An hour wait at Disney

You are at Disney. You planned ahead. You open Touring Plans (theme park visit optimizing software). Here’s how the creator thinks about what you see.

“Let’s say we were trying to predict what (wait time) Disney is posting for Rock ‘n’ Roller Coaster at Disney’s Hollywood Studios. We have to do two things. We have to predict the number Disney is going to show on the wait time sign in front of the ride, and then we have to predict the actual wait time. We have to predict both because if we showed only our expected wait time and you walk up to the ride and see the posted wait time is sixty minutes and we are predicting five minutes, then you won’t believe our number.” – Len Testa, Causal Inference, October 2021

Like weather reports or repair times, Testa and his team generate more value by being less accurate.


In the fall of 2021 Disney released a similar feature to what Testa created: Genie. It will be an interesting TiVo problem .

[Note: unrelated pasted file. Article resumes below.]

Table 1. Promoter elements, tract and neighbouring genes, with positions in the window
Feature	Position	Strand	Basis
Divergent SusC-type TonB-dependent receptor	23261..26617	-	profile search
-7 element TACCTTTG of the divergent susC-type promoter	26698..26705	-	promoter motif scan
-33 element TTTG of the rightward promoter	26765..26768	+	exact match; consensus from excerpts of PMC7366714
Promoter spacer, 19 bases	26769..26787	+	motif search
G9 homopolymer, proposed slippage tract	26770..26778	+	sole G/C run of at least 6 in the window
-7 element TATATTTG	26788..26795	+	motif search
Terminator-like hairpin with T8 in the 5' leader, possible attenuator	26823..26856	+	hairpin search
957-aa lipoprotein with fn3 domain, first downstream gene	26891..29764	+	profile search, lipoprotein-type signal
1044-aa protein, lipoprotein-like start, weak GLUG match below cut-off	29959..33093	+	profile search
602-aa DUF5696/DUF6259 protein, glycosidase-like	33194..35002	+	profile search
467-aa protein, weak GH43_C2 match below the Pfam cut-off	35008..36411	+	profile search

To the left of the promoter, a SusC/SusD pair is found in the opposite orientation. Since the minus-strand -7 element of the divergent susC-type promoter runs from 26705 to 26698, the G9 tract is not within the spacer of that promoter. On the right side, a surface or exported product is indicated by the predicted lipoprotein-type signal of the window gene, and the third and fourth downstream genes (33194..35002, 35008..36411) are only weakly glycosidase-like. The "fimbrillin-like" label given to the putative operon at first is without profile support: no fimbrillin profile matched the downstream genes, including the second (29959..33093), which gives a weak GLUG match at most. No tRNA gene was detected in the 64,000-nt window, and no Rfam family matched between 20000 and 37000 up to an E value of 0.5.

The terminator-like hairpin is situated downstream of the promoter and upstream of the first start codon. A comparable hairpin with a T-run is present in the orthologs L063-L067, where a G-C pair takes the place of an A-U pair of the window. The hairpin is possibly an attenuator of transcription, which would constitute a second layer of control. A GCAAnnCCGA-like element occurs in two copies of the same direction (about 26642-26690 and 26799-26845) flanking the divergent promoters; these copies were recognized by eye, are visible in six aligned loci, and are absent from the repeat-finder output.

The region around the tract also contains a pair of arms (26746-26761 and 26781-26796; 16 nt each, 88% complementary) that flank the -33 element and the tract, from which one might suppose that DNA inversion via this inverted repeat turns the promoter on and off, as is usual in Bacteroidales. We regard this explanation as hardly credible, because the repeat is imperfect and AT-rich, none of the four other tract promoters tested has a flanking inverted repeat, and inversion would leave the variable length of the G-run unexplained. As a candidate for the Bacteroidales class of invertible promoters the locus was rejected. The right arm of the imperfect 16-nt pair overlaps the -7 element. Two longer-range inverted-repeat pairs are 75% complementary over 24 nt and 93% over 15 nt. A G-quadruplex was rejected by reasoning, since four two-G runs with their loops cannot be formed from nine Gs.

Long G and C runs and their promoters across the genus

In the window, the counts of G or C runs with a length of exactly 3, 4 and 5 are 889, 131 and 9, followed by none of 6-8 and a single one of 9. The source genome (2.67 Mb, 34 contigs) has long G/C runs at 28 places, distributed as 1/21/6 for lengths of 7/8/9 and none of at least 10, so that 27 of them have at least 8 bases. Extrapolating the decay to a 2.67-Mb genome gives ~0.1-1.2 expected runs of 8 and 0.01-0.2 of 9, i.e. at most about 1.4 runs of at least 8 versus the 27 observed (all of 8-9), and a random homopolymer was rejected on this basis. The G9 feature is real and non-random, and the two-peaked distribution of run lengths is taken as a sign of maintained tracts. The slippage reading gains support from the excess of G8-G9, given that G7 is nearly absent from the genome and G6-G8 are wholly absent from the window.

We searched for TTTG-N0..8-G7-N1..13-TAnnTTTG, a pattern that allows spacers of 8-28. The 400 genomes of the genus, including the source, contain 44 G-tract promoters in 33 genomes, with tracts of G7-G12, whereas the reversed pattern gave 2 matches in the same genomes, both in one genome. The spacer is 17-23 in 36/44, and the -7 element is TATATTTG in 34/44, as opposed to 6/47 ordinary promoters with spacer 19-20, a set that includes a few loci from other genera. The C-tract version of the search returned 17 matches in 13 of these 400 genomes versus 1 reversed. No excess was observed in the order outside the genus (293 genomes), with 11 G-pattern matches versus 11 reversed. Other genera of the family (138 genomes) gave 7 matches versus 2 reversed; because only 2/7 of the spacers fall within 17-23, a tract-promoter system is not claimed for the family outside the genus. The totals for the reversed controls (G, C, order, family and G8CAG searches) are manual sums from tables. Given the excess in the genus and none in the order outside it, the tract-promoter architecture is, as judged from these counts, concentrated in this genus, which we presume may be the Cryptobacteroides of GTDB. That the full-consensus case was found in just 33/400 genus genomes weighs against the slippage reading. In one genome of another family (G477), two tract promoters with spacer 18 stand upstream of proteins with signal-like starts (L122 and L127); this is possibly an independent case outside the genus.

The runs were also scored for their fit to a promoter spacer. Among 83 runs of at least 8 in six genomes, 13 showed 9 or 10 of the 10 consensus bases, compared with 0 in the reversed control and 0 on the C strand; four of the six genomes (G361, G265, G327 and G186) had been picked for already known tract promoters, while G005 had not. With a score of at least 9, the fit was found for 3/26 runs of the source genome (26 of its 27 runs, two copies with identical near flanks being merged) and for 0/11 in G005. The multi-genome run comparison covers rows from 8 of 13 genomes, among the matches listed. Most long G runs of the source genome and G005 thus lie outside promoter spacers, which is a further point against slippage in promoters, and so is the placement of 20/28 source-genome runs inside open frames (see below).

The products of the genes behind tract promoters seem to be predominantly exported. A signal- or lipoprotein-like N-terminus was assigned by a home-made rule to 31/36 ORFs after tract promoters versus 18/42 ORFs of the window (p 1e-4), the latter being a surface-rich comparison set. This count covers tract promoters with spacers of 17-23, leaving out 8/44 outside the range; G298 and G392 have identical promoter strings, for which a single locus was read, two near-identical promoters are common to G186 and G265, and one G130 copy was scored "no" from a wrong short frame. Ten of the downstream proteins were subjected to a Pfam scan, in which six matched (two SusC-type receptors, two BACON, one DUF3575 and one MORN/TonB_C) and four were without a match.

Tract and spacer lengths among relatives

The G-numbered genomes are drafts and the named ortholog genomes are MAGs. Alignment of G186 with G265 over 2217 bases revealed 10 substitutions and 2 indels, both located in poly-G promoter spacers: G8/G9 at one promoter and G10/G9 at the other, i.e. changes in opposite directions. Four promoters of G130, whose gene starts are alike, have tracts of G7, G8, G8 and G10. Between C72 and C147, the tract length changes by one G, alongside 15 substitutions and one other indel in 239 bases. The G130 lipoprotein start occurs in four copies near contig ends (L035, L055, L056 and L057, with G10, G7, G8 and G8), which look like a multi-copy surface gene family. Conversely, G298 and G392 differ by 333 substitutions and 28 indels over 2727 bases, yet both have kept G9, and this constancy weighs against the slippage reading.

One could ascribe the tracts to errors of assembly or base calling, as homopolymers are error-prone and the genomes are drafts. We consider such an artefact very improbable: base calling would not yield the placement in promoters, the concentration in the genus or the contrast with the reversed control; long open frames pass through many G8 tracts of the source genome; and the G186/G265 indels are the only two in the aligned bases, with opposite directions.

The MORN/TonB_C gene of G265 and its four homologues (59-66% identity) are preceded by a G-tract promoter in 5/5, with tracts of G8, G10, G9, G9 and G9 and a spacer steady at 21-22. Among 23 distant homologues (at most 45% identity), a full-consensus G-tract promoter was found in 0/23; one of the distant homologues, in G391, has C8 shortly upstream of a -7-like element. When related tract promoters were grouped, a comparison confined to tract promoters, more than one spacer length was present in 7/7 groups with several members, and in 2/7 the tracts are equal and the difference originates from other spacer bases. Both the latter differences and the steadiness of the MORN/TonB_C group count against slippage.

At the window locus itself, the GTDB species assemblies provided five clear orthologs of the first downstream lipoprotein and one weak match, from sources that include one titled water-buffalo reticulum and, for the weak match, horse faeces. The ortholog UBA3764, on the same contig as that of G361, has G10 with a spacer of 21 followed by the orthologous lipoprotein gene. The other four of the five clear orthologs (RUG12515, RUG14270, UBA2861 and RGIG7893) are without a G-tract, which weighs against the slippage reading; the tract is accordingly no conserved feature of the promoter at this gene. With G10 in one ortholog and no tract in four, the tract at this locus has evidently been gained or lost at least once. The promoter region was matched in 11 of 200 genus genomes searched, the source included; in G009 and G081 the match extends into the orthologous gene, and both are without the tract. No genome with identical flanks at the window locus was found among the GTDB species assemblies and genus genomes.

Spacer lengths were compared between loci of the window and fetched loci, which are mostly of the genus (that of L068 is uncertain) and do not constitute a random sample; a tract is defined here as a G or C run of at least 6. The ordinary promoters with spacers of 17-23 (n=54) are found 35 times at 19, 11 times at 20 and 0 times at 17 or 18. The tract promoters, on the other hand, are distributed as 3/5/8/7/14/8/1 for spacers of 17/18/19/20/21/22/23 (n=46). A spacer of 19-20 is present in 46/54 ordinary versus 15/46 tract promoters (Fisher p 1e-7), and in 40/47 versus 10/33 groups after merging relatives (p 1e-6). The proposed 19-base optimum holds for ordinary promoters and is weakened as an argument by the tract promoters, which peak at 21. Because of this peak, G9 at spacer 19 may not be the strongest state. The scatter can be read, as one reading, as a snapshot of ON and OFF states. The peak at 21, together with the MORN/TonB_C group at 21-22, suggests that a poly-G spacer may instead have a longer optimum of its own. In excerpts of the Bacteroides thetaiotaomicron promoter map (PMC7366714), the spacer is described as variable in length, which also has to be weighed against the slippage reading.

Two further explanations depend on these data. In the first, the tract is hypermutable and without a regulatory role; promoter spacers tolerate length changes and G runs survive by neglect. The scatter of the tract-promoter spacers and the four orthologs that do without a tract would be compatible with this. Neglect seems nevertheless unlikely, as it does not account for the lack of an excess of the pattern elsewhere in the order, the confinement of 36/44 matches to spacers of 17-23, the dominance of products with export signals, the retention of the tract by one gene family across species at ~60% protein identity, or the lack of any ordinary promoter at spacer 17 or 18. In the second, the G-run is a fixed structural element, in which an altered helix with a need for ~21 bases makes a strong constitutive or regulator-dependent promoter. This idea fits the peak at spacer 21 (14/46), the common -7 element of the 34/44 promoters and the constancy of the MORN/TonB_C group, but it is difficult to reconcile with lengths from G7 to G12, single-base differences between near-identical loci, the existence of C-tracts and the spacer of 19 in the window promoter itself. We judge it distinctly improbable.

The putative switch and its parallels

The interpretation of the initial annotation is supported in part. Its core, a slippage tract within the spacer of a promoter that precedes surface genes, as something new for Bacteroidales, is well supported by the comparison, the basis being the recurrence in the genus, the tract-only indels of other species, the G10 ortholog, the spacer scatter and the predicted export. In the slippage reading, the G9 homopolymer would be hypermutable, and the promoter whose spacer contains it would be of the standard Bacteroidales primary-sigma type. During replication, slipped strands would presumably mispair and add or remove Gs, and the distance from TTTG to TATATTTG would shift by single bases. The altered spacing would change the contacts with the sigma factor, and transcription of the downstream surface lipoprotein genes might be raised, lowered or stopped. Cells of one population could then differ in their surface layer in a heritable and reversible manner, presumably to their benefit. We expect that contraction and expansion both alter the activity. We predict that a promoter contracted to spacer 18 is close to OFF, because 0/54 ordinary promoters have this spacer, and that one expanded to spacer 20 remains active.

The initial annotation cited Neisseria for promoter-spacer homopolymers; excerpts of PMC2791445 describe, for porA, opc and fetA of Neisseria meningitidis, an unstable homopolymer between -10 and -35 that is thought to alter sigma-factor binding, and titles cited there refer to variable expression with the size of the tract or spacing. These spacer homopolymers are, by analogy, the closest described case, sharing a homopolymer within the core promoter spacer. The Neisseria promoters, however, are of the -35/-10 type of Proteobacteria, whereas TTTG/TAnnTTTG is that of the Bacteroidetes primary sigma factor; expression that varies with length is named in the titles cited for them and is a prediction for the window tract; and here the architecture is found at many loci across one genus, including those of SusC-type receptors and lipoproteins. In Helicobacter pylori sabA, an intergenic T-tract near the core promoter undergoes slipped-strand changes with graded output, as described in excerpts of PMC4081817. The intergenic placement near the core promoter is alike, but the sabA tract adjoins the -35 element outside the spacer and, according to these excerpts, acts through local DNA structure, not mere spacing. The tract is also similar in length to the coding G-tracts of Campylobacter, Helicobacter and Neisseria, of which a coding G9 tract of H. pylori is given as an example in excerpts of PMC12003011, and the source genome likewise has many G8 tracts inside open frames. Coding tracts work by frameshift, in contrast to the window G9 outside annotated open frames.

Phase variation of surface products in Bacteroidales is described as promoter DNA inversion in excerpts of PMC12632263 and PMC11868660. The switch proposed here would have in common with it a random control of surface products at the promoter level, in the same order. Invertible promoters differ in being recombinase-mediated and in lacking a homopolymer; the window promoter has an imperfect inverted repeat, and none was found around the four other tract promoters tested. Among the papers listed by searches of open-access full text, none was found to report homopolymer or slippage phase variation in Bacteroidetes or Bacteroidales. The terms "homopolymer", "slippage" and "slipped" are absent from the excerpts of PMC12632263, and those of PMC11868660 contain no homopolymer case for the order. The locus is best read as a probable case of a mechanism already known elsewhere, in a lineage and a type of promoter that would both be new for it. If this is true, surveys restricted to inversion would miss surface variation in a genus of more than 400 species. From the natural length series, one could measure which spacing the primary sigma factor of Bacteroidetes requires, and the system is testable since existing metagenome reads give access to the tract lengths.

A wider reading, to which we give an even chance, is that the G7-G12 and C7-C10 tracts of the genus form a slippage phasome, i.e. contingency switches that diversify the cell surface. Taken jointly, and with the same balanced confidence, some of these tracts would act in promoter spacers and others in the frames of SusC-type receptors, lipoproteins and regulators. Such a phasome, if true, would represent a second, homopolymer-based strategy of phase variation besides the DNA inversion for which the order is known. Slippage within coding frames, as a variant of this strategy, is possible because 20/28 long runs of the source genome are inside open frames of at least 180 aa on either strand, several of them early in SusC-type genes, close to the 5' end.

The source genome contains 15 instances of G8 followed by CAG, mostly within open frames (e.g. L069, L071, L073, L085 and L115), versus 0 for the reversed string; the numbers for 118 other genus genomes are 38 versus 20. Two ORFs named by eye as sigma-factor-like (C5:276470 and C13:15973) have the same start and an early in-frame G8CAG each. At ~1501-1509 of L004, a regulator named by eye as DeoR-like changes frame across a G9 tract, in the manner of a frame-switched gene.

What’s this place optimized for?

Everything around us, notes Jason Crawford, is a solution. It may be a ‘local maxima’ rather than a ‘global maxima’, but everything around us is the best idea we’ve had yet (given the culture and incentives).

And these solutions all influence our decision. The punchline to behavioral sciences, says Kristen Berman is environment, environment, environment. The question to ask then is: A solution for who?

“If you go to a mall how could you not spend money? People have thought deeply about how to get you to spend money, they’ve thought deeply about getting you to buy something. It’s a hard fight, and it’s getting harder. Amazon Prime is the gold standard for this. They’ve figured out something about human behavior and it’s going to be hard to fight that.” – Kristen Berman, October 2021

Cinnabon is a tasty brick and mortar example of how place matters. The stores are in places of captured traffic and infrequent visits. Da Buns, said Kat Cole, are treats. So the frequency of customers affects the type of product.

Another instance is that oh-you-know-it smell. That wonderful waft was an accident. The first location lacked enough room for the oven to go in the back – per best practice prescription – so it was jammed in the front. Learning their lessons, the second location prioritized moving the oven out of the way. Whoops. Luckily for us all, they fixed that.